mozilla
Your Search Results

    Localizing strings in HTML

    This article explains how you can localize strings appearing in your app's HTML.

    Before you start, you need to have performed the steps described in the setup article. That is, you need to have added:

    • the translations in properties files, one for each language
    • a locales.ini declaring which languages your app supports
    • the l10n.js library

    The data-l10n-id attribute

    In the app's HTML, add a new attribute named data-l10n-id to all elements containing strings that need to be localized:

    <p data-l10n-id="winter-is-coming">Winter is coming</p>

    The attribute's value needs to match the name in a name=value line of your app.properties file. For example:

    app-heading = TranslationTester
    winter-is-coming = Winter is coming

    On page load, the l10n.js library will:

    • find all elements which have the data-l10n-id attribute set
    • use the attribute's value as a key to look up the correct translation of the string, given the current device language
    • assign this translation as the element's textContent

    Placeholders

    If the translated string expects to receive placeholders, you can pass these in as an JSON object assigned to an additional attribute called data-l10n-args. For example, suppose the localized strings are a greeting, and use a placeholder for the name of the person to greet:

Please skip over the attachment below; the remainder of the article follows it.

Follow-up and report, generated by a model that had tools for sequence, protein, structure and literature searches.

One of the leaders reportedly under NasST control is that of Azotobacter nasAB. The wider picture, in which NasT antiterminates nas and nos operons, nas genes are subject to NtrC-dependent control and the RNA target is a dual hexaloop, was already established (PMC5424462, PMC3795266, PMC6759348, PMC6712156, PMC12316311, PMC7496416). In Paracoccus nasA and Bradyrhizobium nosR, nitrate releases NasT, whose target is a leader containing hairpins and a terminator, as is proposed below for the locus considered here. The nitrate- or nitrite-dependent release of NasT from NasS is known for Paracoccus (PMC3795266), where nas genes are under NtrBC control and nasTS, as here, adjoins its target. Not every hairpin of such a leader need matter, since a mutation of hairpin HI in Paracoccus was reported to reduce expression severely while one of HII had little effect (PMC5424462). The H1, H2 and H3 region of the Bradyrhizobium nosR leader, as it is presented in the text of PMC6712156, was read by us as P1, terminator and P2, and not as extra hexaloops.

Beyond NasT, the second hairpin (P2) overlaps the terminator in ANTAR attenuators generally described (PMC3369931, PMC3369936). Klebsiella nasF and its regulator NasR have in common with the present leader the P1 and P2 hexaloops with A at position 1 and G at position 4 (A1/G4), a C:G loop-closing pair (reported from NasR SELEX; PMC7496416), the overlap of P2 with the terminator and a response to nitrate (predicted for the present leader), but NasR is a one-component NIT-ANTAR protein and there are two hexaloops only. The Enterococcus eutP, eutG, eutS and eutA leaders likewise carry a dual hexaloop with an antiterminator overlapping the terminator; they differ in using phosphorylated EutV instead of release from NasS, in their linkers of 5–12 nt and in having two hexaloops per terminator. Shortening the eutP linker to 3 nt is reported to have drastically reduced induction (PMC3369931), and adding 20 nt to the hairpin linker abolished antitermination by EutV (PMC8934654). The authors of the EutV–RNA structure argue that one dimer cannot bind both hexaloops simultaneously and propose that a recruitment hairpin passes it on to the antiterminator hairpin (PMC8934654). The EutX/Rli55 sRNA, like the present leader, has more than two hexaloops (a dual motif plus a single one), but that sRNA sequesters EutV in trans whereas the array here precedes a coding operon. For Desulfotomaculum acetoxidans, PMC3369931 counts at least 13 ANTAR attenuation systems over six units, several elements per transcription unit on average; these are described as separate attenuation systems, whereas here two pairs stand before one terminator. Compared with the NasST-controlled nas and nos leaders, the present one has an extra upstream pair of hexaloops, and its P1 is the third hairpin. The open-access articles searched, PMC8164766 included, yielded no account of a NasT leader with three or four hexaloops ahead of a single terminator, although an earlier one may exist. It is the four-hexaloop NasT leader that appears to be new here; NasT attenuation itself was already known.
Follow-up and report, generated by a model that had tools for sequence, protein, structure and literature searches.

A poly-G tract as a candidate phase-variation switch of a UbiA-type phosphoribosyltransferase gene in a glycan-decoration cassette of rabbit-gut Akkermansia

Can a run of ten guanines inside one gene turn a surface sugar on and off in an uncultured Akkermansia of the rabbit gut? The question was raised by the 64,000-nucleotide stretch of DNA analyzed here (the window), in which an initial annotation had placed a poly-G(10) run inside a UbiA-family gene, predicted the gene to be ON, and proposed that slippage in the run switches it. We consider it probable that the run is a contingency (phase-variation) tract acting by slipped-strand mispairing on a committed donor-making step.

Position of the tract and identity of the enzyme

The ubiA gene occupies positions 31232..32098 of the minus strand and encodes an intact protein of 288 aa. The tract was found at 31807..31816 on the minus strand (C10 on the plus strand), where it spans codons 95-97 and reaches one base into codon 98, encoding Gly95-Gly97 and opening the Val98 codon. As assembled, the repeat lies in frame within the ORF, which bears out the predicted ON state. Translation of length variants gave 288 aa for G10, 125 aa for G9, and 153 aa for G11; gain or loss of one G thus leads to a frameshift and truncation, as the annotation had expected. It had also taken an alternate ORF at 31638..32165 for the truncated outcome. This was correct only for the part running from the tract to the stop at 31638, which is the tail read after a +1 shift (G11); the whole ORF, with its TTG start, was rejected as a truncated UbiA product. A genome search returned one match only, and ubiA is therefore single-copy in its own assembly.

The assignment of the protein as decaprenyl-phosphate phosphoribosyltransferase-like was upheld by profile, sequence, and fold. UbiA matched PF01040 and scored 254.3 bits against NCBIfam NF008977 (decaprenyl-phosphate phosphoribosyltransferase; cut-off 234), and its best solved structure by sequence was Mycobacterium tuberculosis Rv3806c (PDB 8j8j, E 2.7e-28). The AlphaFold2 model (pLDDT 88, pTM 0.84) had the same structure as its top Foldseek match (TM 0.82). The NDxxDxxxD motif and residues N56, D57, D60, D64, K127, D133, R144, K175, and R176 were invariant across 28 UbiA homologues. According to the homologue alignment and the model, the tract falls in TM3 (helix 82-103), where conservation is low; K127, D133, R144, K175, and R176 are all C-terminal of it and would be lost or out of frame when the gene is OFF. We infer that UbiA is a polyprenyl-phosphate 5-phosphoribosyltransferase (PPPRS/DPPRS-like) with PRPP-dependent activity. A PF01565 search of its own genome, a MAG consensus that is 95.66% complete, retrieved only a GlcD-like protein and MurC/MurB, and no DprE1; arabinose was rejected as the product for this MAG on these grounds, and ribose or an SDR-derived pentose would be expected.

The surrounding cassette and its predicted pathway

// en/app.properties
    greeting=Hello {{person}}!

    You can pass the person's name like this:

    <p data-l10n-id="greeting" data-l10n-args='{ "person": "Bob" }'>Hello!</p>

    Plurals

    In the same way, sometimes app.properties specifies different versions of a string for different plural forms:

    tomatoCount={[ plural(n) ]}
    tomatoCount[zero]=Vous n'avez pas de tomates :(.
    tomatoCount[one]=Vous avez une tomate.
    tomatoCount[other] = Vouz avez {{n}} tomates.

    You can pass a particular number using the data-l10n-args attribute:

    <p data-l10n-id="tomatoCount" data-l10n-args='{ "n": "1" }'>
      You have some tomatoes
    </p>
    Vous avez une tomate.

    Document Tags and Contributors

    Contributors to this page: wbamberg, necrophcodr
    Last updated by: necrophcodr,